On Monday May 4, Council of Canadians chairperson Maude Barlow will be speaking at a rally on the steps of the Yukon Legislative Assembly in Whitehorse against the Yukon Party government's decision to allow fracking in the Kotaneelee gas fields in the Liard basin in southeast Yukon.
Houston, Texas-based EFLO Energy Inc. has stated it wants to frack in the area in the next 5-10 years. Their website notes, "The company currently has a 53.65% general interest in the Kotaneelee Gas Field and a 100% interest in one gas well. The experienced management and technical teams are planning further exploration in the Kotaneelee Gas Field and are seeking to increase the company's share of the project to as high as 68%. [Houston, Texas-based] Apache Corp. owns another 32% of the project."
In January, an all-party legislative committee issued a report on fracking in the territory, but were unable to agree on whether fracking should be permitted or even it could be safely regulated. The Council of Canadians Yukon chapter had called on the committee to recommend a permanent ban on fracking in the territory and has organized two cross-territory tours, numerous protests, a benefit concert, written letters to the editor, gathered signatures for an anti-fracking petition and much more toward this end. They continue to call for a ban on fracking in the territory.
Earlier this month, the Whitehorse Daily Star reported, "A copy of an email circulated by the New Democrats has deputy minister George Ross of the Department of Energy, Mines and Resources discussing a 'pilot fracking/science project' in the Kotaneelee gas field with EFLO Energy Yukon. It discusses the need to enter into an oil and gas agreement with the Liard First Nation. The email says it’s not the government’s intention to say it is proceeding with hydraulic fracturing. ...[NDP Environment critic Kate] White said EFLO Yukon, which purchased the Kotaneelee gas field in 2012, is on record as saying it wants to explore opportunities in the gas field using unconventional drilling methods – fracking."
More recently, the newspaper has reported, "Energy, Mines and Resources Minister Scott Kent is unequivocal on the potential benefits of fracking and the key role First Nations would play in the lead-up to possible exploration or development. 'The Yukon Party stands for responsible resource development and a robust oil and gas industry, and the opposition parties clearly do not', he said... Kent referred to the government’s announcement that it will open the door to fracking proposals – for now, only in the Liard basin in the southeast corner of the territory."
The Liard First Nation, the Ross River Dena Council, Acho Dene Koe First Nation and the Kaska nations have traditional territory in the Liard basin. While the Liard First Nation has been formally opposed to fracking in the past, it's not clear the position current Chief Daniel Morris has taken on the issue. That said, the Liard Fist Nation's Society Group to Protect Land and Resources has called on Yukon premier Darrell Pasloski to ban fracking and members of the Liard First Nation will speak at the rally alongside Barlow to highlight that the community does not approve of fracking.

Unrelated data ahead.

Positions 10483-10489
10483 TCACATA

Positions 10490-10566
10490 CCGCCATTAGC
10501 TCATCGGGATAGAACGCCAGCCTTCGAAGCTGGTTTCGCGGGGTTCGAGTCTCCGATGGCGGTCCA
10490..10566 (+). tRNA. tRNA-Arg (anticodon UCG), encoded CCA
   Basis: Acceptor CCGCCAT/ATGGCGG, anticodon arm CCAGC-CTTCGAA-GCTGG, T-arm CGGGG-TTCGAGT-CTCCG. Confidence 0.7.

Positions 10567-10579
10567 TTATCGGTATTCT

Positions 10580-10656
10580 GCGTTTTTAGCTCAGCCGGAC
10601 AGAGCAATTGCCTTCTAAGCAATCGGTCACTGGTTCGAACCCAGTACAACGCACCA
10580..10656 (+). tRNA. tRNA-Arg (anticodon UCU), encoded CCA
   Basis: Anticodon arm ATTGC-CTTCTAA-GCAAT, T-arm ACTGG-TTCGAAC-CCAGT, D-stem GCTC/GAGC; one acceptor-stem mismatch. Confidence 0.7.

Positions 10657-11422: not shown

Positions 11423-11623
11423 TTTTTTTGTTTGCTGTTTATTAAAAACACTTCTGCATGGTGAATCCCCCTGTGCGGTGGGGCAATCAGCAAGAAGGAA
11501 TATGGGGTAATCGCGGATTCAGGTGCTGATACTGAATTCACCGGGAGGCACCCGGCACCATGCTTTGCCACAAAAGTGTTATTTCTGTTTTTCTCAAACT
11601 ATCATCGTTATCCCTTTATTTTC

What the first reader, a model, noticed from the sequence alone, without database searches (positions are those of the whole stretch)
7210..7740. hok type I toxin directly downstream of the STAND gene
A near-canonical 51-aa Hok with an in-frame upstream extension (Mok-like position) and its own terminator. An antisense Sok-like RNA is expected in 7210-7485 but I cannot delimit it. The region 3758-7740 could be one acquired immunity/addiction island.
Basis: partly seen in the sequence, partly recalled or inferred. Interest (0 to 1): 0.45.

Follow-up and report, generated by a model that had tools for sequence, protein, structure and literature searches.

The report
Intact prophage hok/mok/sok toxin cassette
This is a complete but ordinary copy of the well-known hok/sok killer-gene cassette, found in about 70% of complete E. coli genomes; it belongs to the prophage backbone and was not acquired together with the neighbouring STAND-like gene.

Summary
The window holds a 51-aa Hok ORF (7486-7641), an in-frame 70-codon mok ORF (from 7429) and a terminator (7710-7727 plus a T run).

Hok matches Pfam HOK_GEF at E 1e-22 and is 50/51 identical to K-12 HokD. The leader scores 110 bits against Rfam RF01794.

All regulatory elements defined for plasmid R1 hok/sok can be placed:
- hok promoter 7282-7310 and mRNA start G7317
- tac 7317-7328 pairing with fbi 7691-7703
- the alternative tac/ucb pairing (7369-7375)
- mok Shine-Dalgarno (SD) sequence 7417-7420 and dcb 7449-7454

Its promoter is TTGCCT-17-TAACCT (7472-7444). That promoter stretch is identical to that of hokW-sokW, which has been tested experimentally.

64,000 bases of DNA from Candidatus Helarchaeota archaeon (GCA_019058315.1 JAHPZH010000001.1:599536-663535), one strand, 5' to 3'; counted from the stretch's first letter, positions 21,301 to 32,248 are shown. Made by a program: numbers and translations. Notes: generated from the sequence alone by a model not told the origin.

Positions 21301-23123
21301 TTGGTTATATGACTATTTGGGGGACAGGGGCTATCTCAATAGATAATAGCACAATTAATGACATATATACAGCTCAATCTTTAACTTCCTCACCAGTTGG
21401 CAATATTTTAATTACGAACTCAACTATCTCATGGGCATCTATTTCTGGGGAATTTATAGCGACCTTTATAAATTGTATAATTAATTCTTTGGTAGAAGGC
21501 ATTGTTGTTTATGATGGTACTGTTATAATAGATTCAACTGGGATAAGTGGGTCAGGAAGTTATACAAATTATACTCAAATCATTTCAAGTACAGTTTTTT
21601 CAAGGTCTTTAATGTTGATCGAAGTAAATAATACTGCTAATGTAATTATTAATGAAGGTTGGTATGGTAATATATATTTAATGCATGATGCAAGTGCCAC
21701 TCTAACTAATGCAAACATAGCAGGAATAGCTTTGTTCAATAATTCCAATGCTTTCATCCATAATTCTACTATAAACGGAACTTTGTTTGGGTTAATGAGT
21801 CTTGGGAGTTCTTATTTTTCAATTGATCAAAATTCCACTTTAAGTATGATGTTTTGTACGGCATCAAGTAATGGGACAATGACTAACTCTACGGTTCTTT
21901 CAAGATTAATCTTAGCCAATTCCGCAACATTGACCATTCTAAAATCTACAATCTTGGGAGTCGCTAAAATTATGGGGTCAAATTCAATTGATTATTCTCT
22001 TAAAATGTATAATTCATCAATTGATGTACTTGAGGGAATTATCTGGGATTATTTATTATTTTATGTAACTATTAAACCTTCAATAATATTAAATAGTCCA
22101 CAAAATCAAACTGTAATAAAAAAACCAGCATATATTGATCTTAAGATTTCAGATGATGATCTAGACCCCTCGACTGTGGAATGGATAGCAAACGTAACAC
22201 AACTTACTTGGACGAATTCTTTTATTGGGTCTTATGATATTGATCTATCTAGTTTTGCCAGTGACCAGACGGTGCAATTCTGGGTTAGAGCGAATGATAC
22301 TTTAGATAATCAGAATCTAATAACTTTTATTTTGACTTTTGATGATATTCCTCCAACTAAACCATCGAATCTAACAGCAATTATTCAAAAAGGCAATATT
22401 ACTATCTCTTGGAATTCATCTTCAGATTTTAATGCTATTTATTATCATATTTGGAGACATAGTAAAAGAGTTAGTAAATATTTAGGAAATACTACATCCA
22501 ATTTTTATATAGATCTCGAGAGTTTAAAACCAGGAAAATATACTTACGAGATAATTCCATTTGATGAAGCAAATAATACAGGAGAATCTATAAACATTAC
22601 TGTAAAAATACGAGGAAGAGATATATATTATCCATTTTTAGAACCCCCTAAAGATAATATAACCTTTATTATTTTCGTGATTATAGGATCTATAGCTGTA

Council of Canadians water campaigner Emma Lui, who will travel to the Yukon with Barlow, has also noted, "The Council of Yukon First Nations, an organization of fourteen First Nations, unanimously passed a resolution in July 2013 declaring traditional territories 'frack-free', Shortly after, Vuntut Gwitchin First Nation voted to ban fracking until it could be proven safe. Kaska First Nation has also come out against fracking."
Barlow is travelling to the Yukon to speak at a three-hour workshop that morning "on helping Yukoners create or improve campaigns on issues relating to water that are important to them" and to give a public presentation at the Yukon Beringia Interpretive Centre that evening. For more on those two events, please see this Facebook page and information from the Canadian Parks and Wilderness Society (CPAWS) here and here.
CPAWS campaigner Amber Church says, "There are so many issues going on in the Yukon right now with direct links to water, and such a diverse set of Yukoners who are trying to create positive change in the sector, that we felt it was really important to bring Barlow to help bolster the capacity of the community in this area. The response to the news that she is coming has been utterly overwhelming. The free workshop for the community we are hosting with her filled instantly and has a lengthy wait list; and we've been hearing a lot of excitement from the public about the evening lecture."
Maude Barlow & First Nations Rally (Yukoners Concerned newsletter)
To frack or not to frack in the Yukon? Herein lies the nation's future (September 2014 blog by Brigette DePape)
Yukon chapter expects recommendations on fracking by select committee soon (December 2014 blog)